The Relationship Between Dental Health and Brain Function

The Relationship Between Dental Health and Brain Function

Maintaining good dental hygiene has always been emphasized from a young age to prevent tooth loss in old age. However, recent research suggests that it is not only our gums that are at risk if we neglect dental care. In fact, our brain could also suffer as a result. A study conducted by researchers in Japan has revealed a correlation between tooth loss, gum disease, and shrinkage in a specific region of the brain associated with memory and Alzheimer’s disease, known as the hippocampus. Surprisingly, the study suggests that in some cases, it may be better to lose diseased teeth in order to preserve both gum and brain health. This finding emphasizes the importance of prioritizing dental health, rather than solely focusing on retaining teeth, according to geriatric dentist Satoshi Yamaguchi of Tohoku University.

Implications for Dentists

This study adds to the growing body of research on oral health and its connection to cognitive function. While the study, which involved 172 participants over a period of four years, does not establish causation, it does demonstrate an association between tooth loss, gum disease, and brain shrinkage in the hippocampus. These findings have significant implications for dentists, as they may influence critical decisions regarding oral health care.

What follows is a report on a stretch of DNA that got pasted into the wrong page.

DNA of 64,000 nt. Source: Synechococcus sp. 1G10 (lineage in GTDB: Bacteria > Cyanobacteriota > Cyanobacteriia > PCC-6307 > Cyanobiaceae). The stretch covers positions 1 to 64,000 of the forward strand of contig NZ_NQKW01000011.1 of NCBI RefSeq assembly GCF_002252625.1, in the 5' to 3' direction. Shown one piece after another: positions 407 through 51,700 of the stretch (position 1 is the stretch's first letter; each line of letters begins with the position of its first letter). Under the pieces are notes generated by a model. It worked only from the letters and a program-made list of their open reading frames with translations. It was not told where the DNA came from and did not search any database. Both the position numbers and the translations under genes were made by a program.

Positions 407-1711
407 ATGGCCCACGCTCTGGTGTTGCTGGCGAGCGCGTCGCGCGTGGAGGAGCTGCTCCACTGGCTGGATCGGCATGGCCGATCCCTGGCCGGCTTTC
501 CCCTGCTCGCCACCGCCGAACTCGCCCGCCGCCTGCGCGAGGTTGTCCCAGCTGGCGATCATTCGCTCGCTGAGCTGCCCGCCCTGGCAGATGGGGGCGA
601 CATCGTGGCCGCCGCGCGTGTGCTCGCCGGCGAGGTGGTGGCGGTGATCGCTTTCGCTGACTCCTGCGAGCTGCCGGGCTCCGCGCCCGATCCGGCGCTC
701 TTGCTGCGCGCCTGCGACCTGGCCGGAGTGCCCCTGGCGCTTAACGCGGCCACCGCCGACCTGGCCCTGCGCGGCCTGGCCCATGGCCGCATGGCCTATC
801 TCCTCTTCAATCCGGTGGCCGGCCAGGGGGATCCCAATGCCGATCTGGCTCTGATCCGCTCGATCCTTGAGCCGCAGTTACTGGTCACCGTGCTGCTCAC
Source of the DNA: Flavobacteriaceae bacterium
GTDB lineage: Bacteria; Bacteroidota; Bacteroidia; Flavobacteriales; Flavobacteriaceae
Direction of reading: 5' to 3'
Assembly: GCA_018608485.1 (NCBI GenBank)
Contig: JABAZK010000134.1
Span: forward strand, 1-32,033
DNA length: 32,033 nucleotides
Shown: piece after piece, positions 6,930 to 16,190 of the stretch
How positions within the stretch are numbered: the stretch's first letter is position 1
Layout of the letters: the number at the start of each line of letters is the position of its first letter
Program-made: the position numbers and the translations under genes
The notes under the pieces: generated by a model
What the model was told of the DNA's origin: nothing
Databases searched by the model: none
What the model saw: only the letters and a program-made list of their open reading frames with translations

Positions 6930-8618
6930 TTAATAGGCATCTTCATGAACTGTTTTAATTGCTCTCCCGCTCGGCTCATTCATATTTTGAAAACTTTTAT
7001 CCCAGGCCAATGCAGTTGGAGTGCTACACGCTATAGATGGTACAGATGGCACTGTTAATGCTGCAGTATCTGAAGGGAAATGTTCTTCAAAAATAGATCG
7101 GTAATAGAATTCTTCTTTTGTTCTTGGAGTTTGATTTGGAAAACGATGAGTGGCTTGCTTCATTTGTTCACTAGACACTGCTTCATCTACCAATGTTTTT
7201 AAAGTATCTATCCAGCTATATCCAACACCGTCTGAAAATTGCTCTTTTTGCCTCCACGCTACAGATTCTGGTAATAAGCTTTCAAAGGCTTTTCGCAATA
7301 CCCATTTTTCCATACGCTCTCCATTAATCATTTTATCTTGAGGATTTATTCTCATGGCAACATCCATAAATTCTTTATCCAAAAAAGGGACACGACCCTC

The study included participants aged 55 years and older who underwent memory tests at the beginning of the study. Researchers collected data on each participant’s general health, medical history, and dental health using questionnaires and medical tests. Magnetic resonance imaging (MRI) was used to measure the volume of the hippocampus at baseline and four years later. Dentists counted the number of teeth in each participant and assessed the gum tissue around each tooth to determine the extent of gum disease.

The researchers discovered a relationship between the number of teeth and the severity of gum disease with changes in the left hippocampus of the brain. People with mild gum disease and fewer teeth experienced faster shrinkage of the left hippocampus compared to those with more teeth. Interestingly, the loss of one tooth in individuals with mild gum disease accelerated brain shrinkage, equivalent to an additional year of brain aging. On the other hand, individuals with severe gum disease and more teeth exhibited a faster rate of brain shrinkage in the same region. The loss of one tooth in individuals with severe gum disease corresponded to 1.3 years of brain aging. These findings remained consistent even after accounting for the participants’ ages.

The implications of this study suggest that preserving brain health is closely tied to maintaining good oral hygiene. Dentist Satoshi Yamaguchi emphasizes the significance of controlling gum disease progression through regular dental visits to prevent brain atrophy. However, it is important to note that this study involved a small sample size from one region in Japan. Therefore, further research on larger and more diverse populations is necessary to generalize these results.

This study serves as a reminder of the importance of dental care beyond mere tooth preservation. Our dental health has a direct impact on the health of the brain region responsible for thinking and memory. Taking better care of our teeth can potentially benefit our brain function and overall cognitive well-being.


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